case, supra, would be overcome by repealing the new section in its
entirety and re-enacting it with the necessary amendments.
House Bill 363 does not take effect, if at all, until January 1,
1973; therefore, the sale of certificates would not be substantially
delayed since the repeal and re-enactment with necessary amend-
ments could be accomplished during the 1973 Session of the General
Assembly, perhaps as an emergency measure. The Legislative Coun-
cil, with any assistance we might offer, could, of course, prepare
such legislation this summer.
Very truly yours,
/s/ Francis B. Burch,
House Bill No. 419—Licensing of Travel Promoters
AN ACT to add new Sections 282 to 289, inclusive, to Article 56
of the Annotated Code of Maryland
(1971 Supplement) (1972 RE-
PLACEMENT VOLUME), title "Licenses," to follow immediately
after Section 281 thereof, and to be under the new subtitle "Travel
Promoters," providing for the licensing of travel promoters in this
State, defining certain terms, providing for a trust arrangement
for sums received or a bonding arrangement, providing regulations
for advertising and for information to passengers, providing for re-
funds to passengers, and providing penalties for violations of the
May 31, 1972.
Honorable Thomas Hunter Lowe
Speaker of the House of Delegates
Annapolis, Maryland 21404
Dear Mr. Speaker:
In accordance with Article II, Section 17, of the Maryland Con-
stitution, I have today vetoed House Bill 419.
This bill provides for the licensing and regulation of travel pro-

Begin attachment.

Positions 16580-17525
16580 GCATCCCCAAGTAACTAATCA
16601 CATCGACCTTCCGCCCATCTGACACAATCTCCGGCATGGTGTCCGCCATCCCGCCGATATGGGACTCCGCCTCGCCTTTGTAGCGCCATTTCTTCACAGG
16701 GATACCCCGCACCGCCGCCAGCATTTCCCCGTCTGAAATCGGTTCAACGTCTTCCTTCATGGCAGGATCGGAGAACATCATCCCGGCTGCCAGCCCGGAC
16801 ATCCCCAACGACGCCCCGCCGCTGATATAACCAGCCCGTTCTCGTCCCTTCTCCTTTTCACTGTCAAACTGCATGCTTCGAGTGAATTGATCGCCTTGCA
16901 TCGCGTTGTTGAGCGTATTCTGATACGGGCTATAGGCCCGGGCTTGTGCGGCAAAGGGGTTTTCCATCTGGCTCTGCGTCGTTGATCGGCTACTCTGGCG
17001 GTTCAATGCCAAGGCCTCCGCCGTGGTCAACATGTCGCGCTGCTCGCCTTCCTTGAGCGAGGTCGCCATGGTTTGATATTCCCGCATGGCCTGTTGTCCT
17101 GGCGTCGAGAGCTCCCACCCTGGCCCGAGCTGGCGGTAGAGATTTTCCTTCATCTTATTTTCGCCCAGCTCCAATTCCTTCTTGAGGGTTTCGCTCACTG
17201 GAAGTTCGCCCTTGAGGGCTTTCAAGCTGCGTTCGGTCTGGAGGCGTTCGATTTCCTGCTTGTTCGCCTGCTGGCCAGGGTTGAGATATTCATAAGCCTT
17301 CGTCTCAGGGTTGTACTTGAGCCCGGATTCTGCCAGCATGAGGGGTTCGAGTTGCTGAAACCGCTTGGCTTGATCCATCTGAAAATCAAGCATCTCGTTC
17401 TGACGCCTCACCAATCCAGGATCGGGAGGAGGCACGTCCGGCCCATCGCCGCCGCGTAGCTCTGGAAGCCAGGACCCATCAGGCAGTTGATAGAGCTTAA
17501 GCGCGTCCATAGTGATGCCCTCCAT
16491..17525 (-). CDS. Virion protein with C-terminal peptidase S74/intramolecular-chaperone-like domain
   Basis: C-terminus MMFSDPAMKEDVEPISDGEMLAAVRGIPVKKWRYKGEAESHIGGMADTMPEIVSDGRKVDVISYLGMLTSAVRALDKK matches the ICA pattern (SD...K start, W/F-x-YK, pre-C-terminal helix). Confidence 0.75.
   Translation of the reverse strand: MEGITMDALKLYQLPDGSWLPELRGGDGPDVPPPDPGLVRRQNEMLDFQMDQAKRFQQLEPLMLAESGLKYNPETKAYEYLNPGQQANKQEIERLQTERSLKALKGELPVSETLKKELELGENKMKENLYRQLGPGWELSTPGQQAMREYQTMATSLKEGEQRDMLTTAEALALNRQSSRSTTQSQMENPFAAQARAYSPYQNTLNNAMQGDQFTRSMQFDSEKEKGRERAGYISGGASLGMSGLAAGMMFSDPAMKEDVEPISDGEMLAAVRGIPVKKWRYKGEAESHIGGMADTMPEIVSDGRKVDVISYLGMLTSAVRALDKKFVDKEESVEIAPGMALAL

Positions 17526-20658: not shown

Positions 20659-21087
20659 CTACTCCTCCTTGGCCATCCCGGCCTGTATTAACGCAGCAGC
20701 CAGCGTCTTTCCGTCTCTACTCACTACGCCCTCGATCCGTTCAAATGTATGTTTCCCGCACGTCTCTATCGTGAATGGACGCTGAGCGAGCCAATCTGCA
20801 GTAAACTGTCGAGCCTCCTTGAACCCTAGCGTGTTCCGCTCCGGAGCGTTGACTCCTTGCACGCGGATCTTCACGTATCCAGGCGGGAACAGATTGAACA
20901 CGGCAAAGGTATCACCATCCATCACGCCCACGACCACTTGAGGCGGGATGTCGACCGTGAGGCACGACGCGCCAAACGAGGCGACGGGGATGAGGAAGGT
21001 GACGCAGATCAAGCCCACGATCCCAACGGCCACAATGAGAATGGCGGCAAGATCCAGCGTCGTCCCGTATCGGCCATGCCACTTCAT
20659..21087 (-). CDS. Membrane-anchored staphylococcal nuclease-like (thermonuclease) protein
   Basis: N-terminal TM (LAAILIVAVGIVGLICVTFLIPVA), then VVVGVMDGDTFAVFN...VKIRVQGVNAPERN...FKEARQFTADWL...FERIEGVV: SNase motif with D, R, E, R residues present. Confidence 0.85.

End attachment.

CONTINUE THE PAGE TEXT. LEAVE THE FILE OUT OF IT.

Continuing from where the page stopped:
moters in Maryland who arrange air or sea transportation for mem-
bers of the public.
House Bill 419 would require supplemental air carriers and their
agents, and private clubs and organizations, teacher organizations
and fraternal lodges to obtain a license at a cost of $100 and to
place in trust 90 per cent of all funds received in payment for air
or sea transportation. The bill does not cover scheduled air carriers
and their agents.
In my opinion, this legislation discriminates against one class
of air carriers and their agents, namely the supplemental carriers.
Supplemental carriers compete with scheduled carriers in the sale
of charter services. In addition, the charter services of the supple-
mentals compete with certain types of discount fares offered by the
scheduled carriers on their scheduled flights. Both classes of carriers
are heavily dependent upon travel agents for the marketing of their
services. Thus, under these circumstances, it is discriminatory to
impose licensing and bonding requirements on the agents of the sup-
plementals and to exempt the agents of the scheduled carriers from